More than three months into The War, the United States was reeling from suffering substantial and demoralizing losses at Pearl Harbor and again in the Sunda Strait (with the loss of the USS Houston CA-30). The U.S. was in dire need of stopping the bleeding and gaining a moral victory in order to build momentum for what was to become a nearly half-decade long war.
When the keel of the (then, future) USS Vincennes (CA-44) was laid, she was the pride of the small, Southwestern Indiana town of the same name. The citizens embraced her and her future crew, adopting the men who would serve aboard her as their own sons. When she was christened (launched), the daughter (Miss Harriet Virginia Kimmell) of the city’s mayor broke the ceremonial bottle of champagne on her bow, officially naming the heavy cruiser. More than two years later when the ship was commissioned and placed into service (February 24, 1937), the citizens raised funds to purchase and present a gift, a silver tea and coffee service, to the officers of the ship.
With the outbreak of war and the peacetime navy morphing to address the combat needs, USS Vincennes transferred from her home fleet duties within the Atlantic Ocean to augment the Pacific fleet following the losses suffered in the opening days and weeks of the war. As part of readying the ship for service against the Japanese, the Vincennes paid a visit to the Mare Island Naval Shipyard in Vallejo, in San Francisco Bay for additional combat upgrades. In conjunction with the changes being made to the ship, the compliment of officers and men was being increased and with space being a premium and the probability of combat engagement with the enemy being almost certain, the silver service and other items were removed from the ship and placed into storage for the duration of the war.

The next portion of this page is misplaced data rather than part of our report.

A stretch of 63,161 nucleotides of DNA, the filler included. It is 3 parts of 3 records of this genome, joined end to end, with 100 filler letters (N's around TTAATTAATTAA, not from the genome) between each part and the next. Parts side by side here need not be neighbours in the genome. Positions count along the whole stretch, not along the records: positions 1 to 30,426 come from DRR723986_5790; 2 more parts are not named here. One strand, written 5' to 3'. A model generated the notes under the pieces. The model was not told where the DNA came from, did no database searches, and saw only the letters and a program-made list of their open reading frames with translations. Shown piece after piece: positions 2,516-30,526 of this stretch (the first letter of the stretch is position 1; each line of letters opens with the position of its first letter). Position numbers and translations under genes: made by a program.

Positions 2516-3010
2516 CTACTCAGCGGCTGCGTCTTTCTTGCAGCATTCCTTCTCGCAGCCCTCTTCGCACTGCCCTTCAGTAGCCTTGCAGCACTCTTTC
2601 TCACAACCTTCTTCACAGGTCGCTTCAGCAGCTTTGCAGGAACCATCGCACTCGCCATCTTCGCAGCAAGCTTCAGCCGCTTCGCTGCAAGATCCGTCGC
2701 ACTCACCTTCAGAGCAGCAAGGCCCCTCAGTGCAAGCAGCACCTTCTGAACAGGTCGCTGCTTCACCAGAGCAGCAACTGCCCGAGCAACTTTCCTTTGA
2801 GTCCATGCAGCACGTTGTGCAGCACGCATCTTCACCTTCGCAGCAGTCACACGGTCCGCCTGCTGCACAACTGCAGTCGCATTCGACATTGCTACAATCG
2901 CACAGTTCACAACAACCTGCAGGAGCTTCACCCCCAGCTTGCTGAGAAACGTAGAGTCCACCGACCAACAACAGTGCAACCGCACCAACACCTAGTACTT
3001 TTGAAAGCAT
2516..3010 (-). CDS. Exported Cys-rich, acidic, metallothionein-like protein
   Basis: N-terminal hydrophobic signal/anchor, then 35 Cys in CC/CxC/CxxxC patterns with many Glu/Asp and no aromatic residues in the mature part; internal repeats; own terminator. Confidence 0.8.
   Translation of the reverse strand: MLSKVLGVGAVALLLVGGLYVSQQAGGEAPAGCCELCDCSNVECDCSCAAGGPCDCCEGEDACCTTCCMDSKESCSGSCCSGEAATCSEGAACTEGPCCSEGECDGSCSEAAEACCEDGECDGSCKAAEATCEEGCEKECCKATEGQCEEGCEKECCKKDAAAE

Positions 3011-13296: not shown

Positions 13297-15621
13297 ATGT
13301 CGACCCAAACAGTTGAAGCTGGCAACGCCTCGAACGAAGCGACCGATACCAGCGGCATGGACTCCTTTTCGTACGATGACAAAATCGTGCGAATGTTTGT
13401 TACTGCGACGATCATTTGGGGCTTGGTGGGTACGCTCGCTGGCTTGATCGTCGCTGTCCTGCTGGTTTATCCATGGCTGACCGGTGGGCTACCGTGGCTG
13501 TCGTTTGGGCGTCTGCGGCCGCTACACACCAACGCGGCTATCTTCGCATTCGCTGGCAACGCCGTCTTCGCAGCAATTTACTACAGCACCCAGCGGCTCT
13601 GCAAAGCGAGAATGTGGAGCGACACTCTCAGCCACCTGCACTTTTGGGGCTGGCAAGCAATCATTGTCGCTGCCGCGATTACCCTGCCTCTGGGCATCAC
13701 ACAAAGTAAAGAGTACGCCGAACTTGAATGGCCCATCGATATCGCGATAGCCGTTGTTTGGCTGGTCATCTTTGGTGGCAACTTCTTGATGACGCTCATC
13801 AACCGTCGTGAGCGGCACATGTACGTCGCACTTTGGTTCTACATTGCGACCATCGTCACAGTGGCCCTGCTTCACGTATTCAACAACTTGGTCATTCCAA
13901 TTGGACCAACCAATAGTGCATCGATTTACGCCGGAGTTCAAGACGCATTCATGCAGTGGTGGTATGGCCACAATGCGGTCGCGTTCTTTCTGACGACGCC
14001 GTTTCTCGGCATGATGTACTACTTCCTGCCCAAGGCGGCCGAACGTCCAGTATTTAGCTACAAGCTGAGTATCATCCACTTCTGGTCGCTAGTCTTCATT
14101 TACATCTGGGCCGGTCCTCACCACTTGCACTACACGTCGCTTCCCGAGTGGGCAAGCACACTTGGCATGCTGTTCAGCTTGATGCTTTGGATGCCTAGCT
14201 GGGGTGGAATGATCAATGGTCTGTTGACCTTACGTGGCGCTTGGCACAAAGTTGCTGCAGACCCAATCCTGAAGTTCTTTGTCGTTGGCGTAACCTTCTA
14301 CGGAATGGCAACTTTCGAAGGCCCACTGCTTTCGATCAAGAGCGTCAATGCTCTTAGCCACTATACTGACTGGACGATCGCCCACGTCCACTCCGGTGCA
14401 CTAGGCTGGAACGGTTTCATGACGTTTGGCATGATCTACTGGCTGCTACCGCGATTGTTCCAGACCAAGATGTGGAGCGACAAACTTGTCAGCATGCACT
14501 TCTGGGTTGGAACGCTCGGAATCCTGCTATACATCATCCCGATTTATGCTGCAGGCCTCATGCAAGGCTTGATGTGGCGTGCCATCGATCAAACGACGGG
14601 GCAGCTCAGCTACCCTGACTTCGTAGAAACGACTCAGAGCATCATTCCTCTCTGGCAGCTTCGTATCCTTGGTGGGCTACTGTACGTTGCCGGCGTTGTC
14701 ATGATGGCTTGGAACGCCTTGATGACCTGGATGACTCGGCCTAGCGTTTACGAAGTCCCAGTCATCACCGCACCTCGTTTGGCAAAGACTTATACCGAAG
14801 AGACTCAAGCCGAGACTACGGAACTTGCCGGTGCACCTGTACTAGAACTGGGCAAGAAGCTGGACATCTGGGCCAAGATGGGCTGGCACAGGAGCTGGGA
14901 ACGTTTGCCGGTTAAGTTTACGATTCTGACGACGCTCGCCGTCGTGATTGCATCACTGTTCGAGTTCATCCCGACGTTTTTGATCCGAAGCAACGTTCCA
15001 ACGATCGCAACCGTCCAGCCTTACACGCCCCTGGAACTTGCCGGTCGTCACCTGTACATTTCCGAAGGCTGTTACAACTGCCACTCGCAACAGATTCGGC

Soon afterward, the Vincennes would take part in some of the most pivotal actions in an effort to stem the Japanese Eastward expansion beginning with the Doolittle Raid, (aiding in the aftermath of) the battle of Coral Sea, the Battle of Midway and the US Marines’ first offensive, Guadalcanal. On the evening of the 2nd night of the landings, the Vincennes would sustain hundreds of Japanese naval gunfire hits and being pierced by the enemy’s Long Lance torpedoes, leaving a blazing, sinking inferno.
Five decades later, the surviving veterans of the lost cruiser would be instrumental in ensuring that the name of their beloved lost ship would be carried to sea aboard a modern cruiser of the Ticonderoga class. At her commissioning in 1985, the city of Vincennes would once again gift the preserved silver service to their newest ship, the USS Vincennes (CG-49) to be used by the officers and visiting dignitaries and guests throughout her twenty-year life.
Upon her decommissioning in 2005, the silver service was returned to the city where it is now displayed and cared for. Perhaps one day, another ship will bear the name Vincennes and the set will serve the officers of a new generation of the adopted sons and daughters of the southwest Indiana city.